• Angela Lansbury received an Emmy nomination for Best Lead Actress in a Drama Series for the each of the show's twelve seasons. She did not win for any of the nominations.
  • Nine episodes and exteriors for numerous others were shot in Mendocino, California, including the exterior of Jessica Fletcher's house.
  • Angela Lansbury, Jerry Orbach - a recurring actor in the show - and guest star David Ogden Stiers also starred together in the Disney movie Beauty and the Beast and its sequels as Mrs. Potts, Lumiere, and Cogsworth respectively, the first of which was filmed while Murder She Wrote was being aired.
  • The fictional "Cabot Cove" Maine setting for "Murder, She Wrote" is an actual harbor inlet in the town of Kennebunkport, Maine. The "Cabot Cove" is located on a main road leading from the township, with a bridge over the small inlet bay. Local motor-hotels and lobster-crab shack restaurants are nearby the cove, a short walk from the main village. The pilot episode town exteriors were filmed in Mendocino, California; subsequently, filming each season with a two hour (sometimes split airing as a two parter) show. The main (in town) Victorian mansion stood in for Jessica's house. The exterior Sheriff Station was the local Rangers Station. In 1992, this exterior was exchanged using a coastal bluff building on the main frontal street. Several small business shops were filmed for the exteriors of a beauty salon, a newspaper office, etc., with the "Hill House Hotel" utilizing the Mendocino town's largest hotel's exterior, grounds, parking, and interior lobby/check-in desk. The beach and bluff area filmed mainly for specific episodes. The Harbor of Fort Bragg was filmed for the docks, exterior pub/bar dressing decorated wharf buildings; interior restaurants above the harbor were also filmed as "Cabot Cove" sights. At Universal Studios' back lot, the Jaws Lake attraction was filmed as the exterior village. Actually, the show maintained the studio attraction's exterior buildings until cancellation in 1996, afterwards, falling into dis-repair. The exterior Victorian "Best Little Whorehouse" set, relocated from stage 12 feature filming, to a hill area on the back lot was a stand in for the Mendocino Victorian Jessica's house. The interiors of this house were filmed, redressed, repainted, redecorated, for many of the episodes for other story scenarios.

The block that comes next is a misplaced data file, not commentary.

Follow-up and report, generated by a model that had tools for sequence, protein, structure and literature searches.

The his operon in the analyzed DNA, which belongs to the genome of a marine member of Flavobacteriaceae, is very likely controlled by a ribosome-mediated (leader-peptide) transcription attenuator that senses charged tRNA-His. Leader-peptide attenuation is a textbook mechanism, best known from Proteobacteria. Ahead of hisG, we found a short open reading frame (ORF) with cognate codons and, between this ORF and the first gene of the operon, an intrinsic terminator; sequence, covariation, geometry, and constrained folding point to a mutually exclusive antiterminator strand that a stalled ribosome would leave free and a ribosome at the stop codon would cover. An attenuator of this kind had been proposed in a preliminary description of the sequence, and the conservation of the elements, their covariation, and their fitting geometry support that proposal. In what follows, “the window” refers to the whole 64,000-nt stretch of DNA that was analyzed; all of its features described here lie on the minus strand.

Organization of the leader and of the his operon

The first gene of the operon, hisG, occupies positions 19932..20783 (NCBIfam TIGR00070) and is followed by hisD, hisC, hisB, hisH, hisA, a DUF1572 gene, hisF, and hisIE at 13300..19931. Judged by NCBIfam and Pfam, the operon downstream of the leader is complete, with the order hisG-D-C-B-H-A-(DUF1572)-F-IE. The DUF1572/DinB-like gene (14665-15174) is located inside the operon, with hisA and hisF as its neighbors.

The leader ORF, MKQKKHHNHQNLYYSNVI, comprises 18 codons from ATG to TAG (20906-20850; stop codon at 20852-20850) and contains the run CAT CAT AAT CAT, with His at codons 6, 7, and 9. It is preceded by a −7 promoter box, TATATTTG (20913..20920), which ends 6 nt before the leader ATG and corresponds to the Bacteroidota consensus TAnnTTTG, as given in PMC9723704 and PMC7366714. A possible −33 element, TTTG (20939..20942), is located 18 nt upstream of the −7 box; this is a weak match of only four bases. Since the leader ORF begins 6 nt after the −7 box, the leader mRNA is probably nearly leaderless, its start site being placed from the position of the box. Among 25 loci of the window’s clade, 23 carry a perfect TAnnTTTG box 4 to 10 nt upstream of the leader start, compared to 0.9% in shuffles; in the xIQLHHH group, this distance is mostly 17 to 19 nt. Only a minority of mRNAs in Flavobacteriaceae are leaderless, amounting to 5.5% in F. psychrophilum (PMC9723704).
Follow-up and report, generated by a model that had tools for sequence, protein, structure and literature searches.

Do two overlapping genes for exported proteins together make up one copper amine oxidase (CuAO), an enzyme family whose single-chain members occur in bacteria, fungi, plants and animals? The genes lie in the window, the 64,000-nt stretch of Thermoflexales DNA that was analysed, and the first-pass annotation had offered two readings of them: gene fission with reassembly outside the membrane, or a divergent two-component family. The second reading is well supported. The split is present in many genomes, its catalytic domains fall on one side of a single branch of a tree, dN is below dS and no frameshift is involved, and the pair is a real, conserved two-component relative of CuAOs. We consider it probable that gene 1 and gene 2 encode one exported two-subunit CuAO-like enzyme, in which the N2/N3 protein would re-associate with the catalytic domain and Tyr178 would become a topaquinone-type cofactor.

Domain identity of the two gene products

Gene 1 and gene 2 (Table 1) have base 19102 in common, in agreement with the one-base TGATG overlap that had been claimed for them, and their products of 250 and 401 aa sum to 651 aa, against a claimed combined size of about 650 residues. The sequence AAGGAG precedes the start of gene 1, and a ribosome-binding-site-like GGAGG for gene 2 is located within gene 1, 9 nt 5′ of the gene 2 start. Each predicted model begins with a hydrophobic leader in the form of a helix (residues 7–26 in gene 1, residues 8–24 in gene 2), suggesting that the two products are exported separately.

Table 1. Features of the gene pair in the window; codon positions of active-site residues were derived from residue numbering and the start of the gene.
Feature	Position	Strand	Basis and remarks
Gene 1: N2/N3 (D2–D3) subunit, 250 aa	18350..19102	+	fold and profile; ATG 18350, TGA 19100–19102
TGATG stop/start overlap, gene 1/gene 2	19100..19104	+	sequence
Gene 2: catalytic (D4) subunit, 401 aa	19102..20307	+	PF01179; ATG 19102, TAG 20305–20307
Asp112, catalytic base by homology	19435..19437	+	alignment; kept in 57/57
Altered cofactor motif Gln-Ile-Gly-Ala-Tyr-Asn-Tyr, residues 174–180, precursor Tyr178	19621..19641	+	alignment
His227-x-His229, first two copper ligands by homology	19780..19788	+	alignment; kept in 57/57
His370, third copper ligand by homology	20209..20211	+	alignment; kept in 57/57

• One of Producer Peter S. Fischer's favorite movie stars was Doris Day. The MSW crew usually pitched who they "wished" could be cast in a featured guest spot to the two Producers, Peter Fischer and Bob O'Neill. During the 1991-92 season, Doris Day was approached with an offer for a guest role. Interested, Day's response implied that she would spend two weeks away from Carmel Valley to film an episode. Then came Day's terms for her contract including her son receiving a "producer credit with pay" for her guest shot. Universal-MCA, CBS, and the producers had agreed upon her price to appear, but refused to agree with her contract clause for her son's credit/pay while she participated in the filming.
  • The word "murder" appears in the titles of 48 episodes.
  • As part of producing the series, Peter Fischer developed characters and scenarios within the "MSW" format storyline, with the premise for specific "characters" leading off into another network weekly series. In 1989, two shows, (6.3) "The Grand Old Lady" (air-8 Oct 89) and (6.5) "Jack and Bill" (air-29 Oct 89) were potential film series pilots, with Angela introducing each of the shows narrative. The two pilots were filmed at the end of the fifth season - June, 1989, after Angela and Peter Shaw had departed for their summer break. Angela's filming for each of the new show's preliminary introductions and last line wrap up, were filmed at the start of the new 1989-90 season, filming the intros in September, 1989. The "Grand Old Lady" was filmed aboard the Queen Mary (Hotel) in Long Beach, with a 1947 era mystery-murder scenario. The leading investigator and his side kick intended as the basis for another mystery show spin off, establishing a 1947-50 period environment. The contemporary "Jack and Bill" pilot involved two detectives with a bright pink (dyed) standard poodle, aiding in sniffing out the criminals. Neither pilot was picked by CBS TV, but the two shows were offered, independently, to both ABC, and then NBC, after CBS answered "no thanks". What was unusual with Lansbury's contract with CBS, Angela's "Corymore Production" company had an option for a "movie of the week" (two hour) which could be filmed during her yearly summer hiatus. She could pick her property, cast and crew the project, producing the MOW, each year the series had been contracted. Angela and Peter Shaw's "Corymore Productions" never exercised the MOW deal option. When CBS and Les Moonvies axed the Universal-MCA MSW series, the four MSW MOW projects were offered as a contractual settlement. The Jerry Herman "Mrs. Santa Claus" musical "1996 Christmas Special MOW" was the whip cream cherry on top agreement to finalize the cancellation contract. Peter Fisher cut his ties with Universal-MCA and CBS TV when he departed the MSW series in June, 1992.